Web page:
Twitter has appealed the decision and a hearing has been set for December 9, 2021, a judicial source told AFP, confirming information released by the groups’ lawyers.

Twitter and its lawyers declined to comment.

The July order said that Twitter must hand over “all administrative, contractual, technical or commercial documents” detailing the resources it has assigned to fight homophobic, racist and sexist discourse on the site, as well as the offence of “condoning crimes against humanity”.

It also said Twitter must reveal how many moderators it employs in France to examine posts flagged as hateful, and data on the posts they process.

READ ALSO: French court orders Twitter to change smallprint over ‘abusive’ methods

The July ruling gave the San Francisco-based company two months to comply. Twitter can ask for a suspension pending the appeal.

The six anti-discrimination groups had taken Twitter to court in France last year, accusing the US social media giant of “long-term and persistent” failures in blocking hateful comments from the site.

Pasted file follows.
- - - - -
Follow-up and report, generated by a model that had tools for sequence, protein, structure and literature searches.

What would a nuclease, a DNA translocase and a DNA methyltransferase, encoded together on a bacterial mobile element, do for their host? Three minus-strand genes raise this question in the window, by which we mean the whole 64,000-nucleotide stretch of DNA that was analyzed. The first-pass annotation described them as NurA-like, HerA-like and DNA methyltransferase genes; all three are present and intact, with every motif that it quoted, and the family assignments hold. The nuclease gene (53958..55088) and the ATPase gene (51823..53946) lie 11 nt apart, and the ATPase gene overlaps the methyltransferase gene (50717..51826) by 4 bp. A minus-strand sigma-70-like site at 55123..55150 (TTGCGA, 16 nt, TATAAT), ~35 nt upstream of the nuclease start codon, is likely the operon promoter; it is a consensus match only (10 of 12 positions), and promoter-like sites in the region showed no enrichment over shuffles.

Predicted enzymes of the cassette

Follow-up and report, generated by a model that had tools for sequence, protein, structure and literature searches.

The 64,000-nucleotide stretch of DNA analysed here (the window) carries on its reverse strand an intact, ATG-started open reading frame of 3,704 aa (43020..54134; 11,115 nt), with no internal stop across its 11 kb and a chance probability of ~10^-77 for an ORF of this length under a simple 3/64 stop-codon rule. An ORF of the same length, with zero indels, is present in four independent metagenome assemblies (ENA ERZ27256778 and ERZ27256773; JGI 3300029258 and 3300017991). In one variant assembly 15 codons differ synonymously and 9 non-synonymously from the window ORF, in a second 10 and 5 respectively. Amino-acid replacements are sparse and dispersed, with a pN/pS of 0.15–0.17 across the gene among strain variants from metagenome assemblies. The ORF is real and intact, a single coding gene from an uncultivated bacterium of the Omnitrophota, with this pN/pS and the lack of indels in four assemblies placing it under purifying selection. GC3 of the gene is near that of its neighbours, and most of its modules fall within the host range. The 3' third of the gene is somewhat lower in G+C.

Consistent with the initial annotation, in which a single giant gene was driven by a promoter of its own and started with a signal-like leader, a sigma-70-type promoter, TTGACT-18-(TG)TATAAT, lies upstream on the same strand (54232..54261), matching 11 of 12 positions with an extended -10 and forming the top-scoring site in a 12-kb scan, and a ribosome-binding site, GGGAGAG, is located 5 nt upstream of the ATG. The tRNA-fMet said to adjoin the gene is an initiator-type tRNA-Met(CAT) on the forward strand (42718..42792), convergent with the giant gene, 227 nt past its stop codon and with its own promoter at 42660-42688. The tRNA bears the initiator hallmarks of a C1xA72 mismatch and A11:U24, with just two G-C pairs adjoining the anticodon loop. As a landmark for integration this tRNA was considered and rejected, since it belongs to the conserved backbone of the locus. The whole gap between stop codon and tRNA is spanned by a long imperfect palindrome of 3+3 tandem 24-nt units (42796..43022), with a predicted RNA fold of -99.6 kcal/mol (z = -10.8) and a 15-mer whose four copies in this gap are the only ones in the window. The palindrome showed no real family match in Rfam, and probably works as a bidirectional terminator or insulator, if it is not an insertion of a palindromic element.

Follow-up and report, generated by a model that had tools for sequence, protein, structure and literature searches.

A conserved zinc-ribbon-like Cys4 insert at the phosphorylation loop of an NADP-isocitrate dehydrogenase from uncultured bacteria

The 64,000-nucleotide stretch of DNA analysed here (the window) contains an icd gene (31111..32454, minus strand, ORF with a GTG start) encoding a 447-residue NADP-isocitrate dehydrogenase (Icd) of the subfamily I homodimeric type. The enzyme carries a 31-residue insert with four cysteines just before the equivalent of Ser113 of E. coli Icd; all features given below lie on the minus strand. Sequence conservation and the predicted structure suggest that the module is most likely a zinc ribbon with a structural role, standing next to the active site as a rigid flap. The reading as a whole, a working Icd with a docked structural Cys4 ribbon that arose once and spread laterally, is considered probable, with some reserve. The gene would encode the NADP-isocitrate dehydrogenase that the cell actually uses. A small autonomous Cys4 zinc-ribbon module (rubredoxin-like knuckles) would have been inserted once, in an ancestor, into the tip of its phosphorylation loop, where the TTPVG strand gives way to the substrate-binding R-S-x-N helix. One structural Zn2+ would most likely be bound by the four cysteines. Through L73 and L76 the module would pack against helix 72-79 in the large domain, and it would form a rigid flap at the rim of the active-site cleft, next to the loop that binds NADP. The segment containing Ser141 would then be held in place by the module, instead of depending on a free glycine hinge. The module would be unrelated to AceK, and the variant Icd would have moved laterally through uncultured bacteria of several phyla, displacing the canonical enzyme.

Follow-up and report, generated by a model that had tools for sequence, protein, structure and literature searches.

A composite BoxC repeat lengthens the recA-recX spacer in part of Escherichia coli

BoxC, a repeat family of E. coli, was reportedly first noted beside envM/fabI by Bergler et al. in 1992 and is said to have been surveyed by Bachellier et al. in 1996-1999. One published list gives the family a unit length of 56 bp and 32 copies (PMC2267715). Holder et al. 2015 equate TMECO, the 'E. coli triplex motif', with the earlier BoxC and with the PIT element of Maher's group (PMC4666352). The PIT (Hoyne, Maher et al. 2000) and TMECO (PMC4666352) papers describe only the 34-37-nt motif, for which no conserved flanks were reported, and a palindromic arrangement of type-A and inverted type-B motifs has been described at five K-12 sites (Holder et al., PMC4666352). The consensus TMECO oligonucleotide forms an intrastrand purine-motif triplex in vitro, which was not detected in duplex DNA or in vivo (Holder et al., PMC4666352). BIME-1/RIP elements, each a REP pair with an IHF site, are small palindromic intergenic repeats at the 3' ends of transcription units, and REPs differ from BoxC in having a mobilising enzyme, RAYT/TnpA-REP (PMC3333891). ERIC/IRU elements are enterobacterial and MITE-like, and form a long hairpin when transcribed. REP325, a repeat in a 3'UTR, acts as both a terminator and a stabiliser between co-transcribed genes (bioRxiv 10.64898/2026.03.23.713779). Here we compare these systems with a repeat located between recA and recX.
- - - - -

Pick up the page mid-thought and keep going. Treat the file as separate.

The groups campaign against homophobia, racism and anti-Semitism. Twitter’s hateful conduct policy bans users from promoting violence or threatening or attacking people based on their race, religion, gender identity or disability, among other forms of discrimination.

Like other social media giants it allows users to report posts they believe are hateful, and employs moderators to vet the content.

But anti-discrimination groups have long complained that holes in the policy allow hateful comments to stay online in many cases.